Yeshua told the disciples how they should treat an unrepentant brother. For one who "refuses to listen even to the congregation, let him be to you as the Gentile and the tax-gatherer." (Mt.18:15#17) He said, "Don't be like the hypocrites," (e.g. Mt.6:5) and "Don't be like the Gentiles." (e.g. Mt.6:7)
There are other New Covenant Scriptures that point to some exceptions among the Gentiles. "And a certain centurion's slave, who was highly regarded by him, was sick and about to die. And when he heard about Yeshua, he sent some Jewish elders asking Him to come and save the life of his slave. And when they had come to Yeshua, they earnestly entreated Him, saying, 'He is worthy for You to grant this to him; for he loves our nation, and it was he who built us our synagogue.'
"Now Yeshua started on His way with them; and when He was already not far from the house, the centurion sent friends saying to Him, 'Lord, do not trouble Yourself further, for I am not fit for You to come under my roof; for this reason I did not even consider myself worthy to come to You, but just say the word, and my servant will be healed. For indeed, I am a man under authority, with soldiers under me; and I say to this one, "Go!" and he goes; and to another, "Come!" and he comes; and to my slave, "Do this!" and he does it.'
"And when Yeshua heard this, He marveled at him, and turned and said to the multitude that was following Him, 'I say to you, not even in Israel have I found such great faith.' And when those who had been sent returned to the house, they found the slave in good health." (Lk.7:2-10)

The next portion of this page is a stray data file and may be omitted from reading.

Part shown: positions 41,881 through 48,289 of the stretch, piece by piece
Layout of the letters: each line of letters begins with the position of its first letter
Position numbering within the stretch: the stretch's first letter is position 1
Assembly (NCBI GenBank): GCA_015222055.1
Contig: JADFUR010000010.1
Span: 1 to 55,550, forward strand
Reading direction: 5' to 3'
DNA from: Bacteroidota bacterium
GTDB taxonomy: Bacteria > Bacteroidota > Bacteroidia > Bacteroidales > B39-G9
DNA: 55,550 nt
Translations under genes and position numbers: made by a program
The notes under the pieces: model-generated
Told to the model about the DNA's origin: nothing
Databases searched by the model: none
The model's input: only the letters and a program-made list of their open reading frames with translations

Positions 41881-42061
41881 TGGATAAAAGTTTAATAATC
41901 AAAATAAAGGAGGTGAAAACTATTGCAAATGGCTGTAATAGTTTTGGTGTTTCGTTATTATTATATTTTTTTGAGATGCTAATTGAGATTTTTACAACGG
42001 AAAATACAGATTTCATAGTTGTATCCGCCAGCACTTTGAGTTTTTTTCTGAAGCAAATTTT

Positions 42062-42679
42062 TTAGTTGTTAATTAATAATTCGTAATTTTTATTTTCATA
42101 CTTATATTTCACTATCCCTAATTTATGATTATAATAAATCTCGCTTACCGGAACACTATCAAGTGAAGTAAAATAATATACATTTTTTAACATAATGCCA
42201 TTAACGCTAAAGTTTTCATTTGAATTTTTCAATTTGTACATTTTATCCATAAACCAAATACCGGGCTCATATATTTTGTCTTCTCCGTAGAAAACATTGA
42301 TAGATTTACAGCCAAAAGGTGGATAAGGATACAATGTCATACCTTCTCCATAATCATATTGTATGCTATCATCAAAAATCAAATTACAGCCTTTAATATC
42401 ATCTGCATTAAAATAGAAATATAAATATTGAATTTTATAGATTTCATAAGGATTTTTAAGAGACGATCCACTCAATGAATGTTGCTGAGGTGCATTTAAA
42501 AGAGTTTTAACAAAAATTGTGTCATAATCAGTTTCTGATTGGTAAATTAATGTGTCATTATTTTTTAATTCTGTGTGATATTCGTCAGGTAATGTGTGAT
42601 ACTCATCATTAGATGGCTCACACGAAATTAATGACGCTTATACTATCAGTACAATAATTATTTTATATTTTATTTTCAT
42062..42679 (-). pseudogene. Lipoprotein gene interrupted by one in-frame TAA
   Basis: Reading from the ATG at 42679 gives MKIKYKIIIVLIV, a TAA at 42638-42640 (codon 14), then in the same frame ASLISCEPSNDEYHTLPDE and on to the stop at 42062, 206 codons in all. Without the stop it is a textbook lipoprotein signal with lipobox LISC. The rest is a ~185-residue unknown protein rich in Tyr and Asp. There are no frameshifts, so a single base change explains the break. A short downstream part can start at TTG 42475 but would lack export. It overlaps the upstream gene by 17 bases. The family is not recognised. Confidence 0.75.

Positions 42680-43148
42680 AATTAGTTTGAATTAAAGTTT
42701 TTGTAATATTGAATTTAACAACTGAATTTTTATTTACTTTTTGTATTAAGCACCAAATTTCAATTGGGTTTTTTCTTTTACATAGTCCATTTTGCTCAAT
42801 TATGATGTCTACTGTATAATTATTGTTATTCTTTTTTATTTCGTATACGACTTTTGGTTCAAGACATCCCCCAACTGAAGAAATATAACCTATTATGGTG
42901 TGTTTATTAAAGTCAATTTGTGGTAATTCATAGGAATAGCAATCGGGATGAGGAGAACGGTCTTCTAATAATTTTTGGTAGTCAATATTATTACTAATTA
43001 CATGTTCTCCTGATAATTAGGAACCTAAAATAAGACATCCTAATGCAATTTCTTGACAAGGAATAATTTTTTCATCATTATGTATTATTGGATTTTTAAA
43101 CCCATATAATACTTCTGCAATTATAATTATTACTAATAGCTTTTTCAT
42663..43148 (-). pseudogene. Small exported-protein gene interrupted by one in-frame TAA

This was an unusual encounter in several respects. This Roman centurion loved the Jewish people. He loved them so much that he gave the money to build a synagogue for them. The Jewish elders knew the centurion's love was genuine. It had works. Because of what he had done for them, they were willing to do something for him.
At his request, they went to Yeshua and asked Yeshua to come and heal the centurion's slave. The centurion obviously cared about his slave, or he would not have made the request.
The Jewish elders believed that Yeshua could heal the slave. They believed that Yeshua should heal the slave because of the centurion's love for Israel. They told Him that. "He is worthy for You to grant this to him; for he loves our nation, and it was he who built us our synagogue."
Yeshua did not, in any way, disagree. He followed them to grant their request, because He, too, believed that the centurion was worthy. Many years before, a God who does not change had promised Israel, "I will bless those that bless you." He meant what He said. That is why Yeshua went and healed the slave of the Roman centurion.


If you would like to send this article to a friend, please select and copy the text above, and paste into body of email message. Please replace the word "friend" with the email address of your friend . Thank you.

Send Article to Friend

(go back)

In the Beginning
The Goyim Were First
Hopeless Gentiles
The Origins of Israel's Separation
The Gentiles who joined themselves to Israel
A People Set Apart
Jews and Hebrews
You Shall Be Cut Off
The Faithful Remnant of Israel